Swift are sahanu;
Silent like the night,
Unstoppable like the wind,
Merciful they are,
For quick death
Rides their daggers.
A woman stepped out of the woods on the other side of the river, a gauzy dark purple scarf wrapped around her head, hiding the bottom half of her face. She pulled it off slowly, and it hung from her shoulder. She was about my size and my age, dark eyes, dark hair, Latin American features. Her hair, gathered into a high pony tail on her head and secured with leather cords, cascaded to her shoulders. She wore a black coat, split in the center to allow quick movement and trimmed with deep purple, black pants, and soft black boots. A black leather gorget shielded her neck, extending into a chest plate of supple black leather that covered her left breast. The chest plate wouldn’t stop a sword thrust. It wasn’t meant to. It existed to provide her just enough protection if she miscalculated by half an inch when she avoided a cut, the graze of the opponent’s blade wouldn’t draw blood. A katana hung from her belt.
The woman looked directly at me and walked to the bridge.
Ah. I see.
Ascanio opened his mouth. Derek raised his head, silencing him.
I strode through the grass toward the bridge, Sarrat in my hand.
We stepped onto the boards at the same time.
The woman stopped. I did as well. The river ran between us.
She bowed, keeping her eyes on my face.
“The scent,” Derek said behind me.
The scent he’d smelled in Roland’s castle and then again in the backyard. She belonged to my father.
“I have no issue with you, Sharrim. I’ve come for the head,”she said, her voice tinted with accent.
I pondered her. My father wanted the head. Why? It was completely inert. I felt no magic emanating from it.
“No,” Holland said.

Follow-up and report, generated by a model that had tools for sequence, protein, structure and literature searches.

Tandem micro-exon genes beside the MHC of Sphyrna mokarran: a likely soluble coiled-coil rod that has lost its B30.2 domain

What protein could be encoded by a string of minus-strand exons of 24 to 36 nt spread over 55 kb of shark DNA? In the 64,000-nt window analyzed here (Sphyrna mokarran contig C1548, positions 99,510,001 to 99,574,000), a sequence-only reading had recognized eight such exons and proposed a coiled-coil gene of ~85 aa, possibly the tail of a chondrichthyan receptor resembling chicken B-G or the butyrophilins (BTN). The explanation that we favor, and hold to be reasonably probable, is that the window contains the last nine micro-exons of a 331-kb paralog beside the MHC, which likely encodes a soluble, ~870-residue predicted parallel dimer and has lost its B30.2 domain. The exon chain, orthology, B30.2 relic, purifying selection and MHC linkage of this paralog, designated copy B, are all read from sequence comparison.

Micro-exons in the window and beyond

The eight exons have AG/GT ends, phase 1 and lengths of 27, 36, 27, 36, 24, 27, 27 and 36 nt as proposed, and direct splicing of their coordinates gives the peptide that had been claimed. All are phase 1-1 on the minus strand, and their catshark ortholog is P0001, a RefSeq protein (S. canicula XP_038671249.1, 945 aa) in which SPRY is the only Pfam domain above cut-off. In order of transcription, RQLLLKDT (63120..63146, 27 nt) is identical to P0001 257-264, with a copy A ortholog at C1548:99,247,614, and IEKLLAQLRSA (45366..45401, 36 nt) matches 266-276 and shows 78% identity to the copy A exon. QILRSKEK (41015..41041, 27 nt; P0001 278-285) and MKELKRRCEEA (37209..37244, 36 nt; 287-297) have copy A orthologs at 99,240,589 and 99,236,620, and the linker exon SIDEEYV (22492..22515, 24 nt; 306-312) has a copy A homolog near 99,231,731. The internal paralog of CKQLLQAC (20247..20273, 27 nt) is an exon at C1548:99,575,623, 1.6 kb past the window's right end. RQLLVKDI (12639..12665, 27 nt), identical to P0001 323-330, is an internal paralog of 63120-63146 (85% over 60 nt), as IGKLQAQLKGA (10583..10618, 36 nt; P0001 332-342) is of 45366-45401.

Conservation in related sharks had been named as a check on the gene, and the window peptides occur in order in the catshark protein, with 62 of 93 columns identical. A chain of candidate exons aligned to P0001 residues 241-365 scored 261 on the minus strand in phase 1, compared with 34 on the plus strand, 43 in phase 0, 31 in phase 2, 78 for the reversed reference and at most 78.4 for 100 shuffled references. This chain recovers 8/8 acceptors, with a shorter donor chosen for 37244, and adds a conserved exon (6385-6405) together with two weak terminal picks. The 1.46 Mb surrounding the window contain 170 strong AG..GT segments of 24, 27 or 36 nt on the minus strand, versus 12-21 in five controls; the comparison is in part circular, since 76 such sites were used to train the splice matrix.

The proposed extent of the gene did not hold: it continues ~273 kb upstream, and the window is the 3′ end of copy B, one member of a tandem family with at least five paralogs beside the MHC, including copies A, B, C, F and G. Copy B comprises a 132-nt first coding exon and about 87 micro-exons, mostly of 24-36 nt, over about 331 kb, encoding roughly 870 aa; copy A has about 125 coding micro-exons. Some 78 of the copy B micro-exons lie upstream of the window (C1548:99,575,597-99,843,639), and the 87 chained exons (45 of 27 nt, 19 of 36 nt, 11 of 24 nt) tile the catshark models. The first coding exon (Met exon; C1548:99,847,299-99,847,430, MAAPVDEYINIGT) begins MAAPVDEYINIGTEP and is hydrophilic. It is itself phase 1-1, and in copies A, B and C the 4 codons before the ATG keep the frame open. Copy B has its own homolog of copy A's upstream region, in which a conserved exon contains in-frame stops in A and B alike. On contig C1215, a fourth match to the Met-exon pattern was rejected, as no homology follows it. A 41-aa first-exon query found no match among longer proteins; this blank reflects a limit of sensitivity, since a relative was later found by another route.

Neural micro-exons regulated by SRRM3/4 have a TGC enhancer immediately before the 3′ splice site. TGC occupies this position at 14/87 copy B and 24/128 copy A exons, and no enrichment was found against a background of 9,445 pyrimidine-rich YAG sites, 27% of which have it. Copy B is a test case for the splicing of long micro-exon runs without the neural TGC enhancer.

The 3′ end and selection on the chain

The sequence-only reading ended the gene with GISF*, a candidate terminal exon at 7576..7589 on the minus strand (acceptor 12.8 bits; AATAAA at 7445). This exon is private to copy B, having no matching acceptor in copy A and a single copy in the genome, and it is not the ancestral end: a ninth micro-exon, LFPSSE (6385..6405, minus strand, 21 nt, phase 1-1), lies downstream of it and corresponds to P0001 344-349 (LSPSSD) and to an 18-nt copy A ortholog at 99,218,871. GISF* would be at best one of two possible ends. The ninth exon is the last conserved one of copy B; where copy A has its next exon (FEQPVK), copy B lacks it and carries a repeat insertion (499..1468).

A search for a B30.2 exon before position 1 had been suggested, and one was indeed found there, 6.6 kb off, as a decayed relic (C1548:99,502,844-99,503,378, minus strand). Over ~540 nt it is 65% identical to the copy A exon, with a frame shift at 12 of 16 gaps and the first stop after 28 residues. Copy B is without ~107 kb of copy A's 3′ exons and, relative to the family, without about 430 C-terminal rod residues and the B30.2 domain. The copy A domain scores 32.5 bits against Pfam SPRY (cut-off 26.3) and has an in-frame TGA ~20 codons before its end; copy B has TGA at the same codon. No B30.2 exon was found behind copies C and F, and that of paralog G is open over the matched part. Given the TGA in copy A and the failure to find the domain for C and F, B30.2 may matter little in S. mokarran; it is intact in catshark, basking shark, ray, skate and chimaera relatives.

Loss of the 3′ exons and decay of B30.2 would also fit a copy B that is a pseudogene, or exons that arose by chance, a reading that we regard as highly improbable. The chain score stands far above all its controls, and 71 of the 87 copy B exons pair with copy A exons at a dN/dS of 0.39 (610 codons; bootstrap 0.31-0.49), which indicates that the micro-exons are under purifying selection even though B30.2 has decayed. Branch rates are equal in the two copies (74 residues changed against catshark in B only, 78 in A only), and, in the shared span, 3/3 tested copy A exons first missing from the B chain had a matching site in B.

I glanced over my shoulder. He drew himself straight. “That head is evidence in an ongoing investigation by Milton County. It belongs to people of Milton County.”
I turned back to the woman. “You heard the deputy.”
“My orders are to secure the head,” she said.
There would be violence. The air was ripe with it.
“You’ll have to go through me,” I told her.
“So be it.”
“Walk away,” I told her.
“I obey only one,” she said.
“My father isn’t worth your life.”
“If you kill me, I’ll be slain by Sharrim in battle. If I kill you, I’ll be slain by Sharrum in his grief. My entire life culminates here. My passage to the afterlife is assured. I’m at peace.”
“How about door #3? Turn around and go to live a nice life somewhere else.”
“You do me a great honor, Sharrim. Defend yourself.”
The window rolled down and Andrea stuck her blond head out. “I’m free! Free!”
Oh boy. “Aren’t you supposed to be on bed rest?” I could’ve sworn Raphael told me Doolittle confined her to bed.
“Screw that. We’re going to lunch.”
“It’s past lunch time.”
“Then we’re going to dinch. Or lunner. Or whatever the hell early dinner late lunch stupid combo we can come up with.”
Andrea’s eyes blazed. “Kate, I’m nine months pregnant and I’m hungry. Get into the damn car.”
I got into the car and Andrea pealed out like a bat out of hell.
“We’re going to Pantheon. We’re going to have gyros.” Her stomach was out so far, she must’ve moved the seat back, because she had to stretch to reach the wheel.
“The look of grim determination on your face is scary,” I told her.
“I’ve been cooped up in Keep’s infirmary for the past two weeks,” Andrea said.
She waved her hand. “Because Doolittle is a worrywart.”
Crap. “Andrea, does Doolittle know where you are?”
“You sure about that?”
“Absolutely. I’ve let him know. Anyway, we are going to lunch!”
“To lunch!” She flashed her teeth at me.
I shut up and let her drive.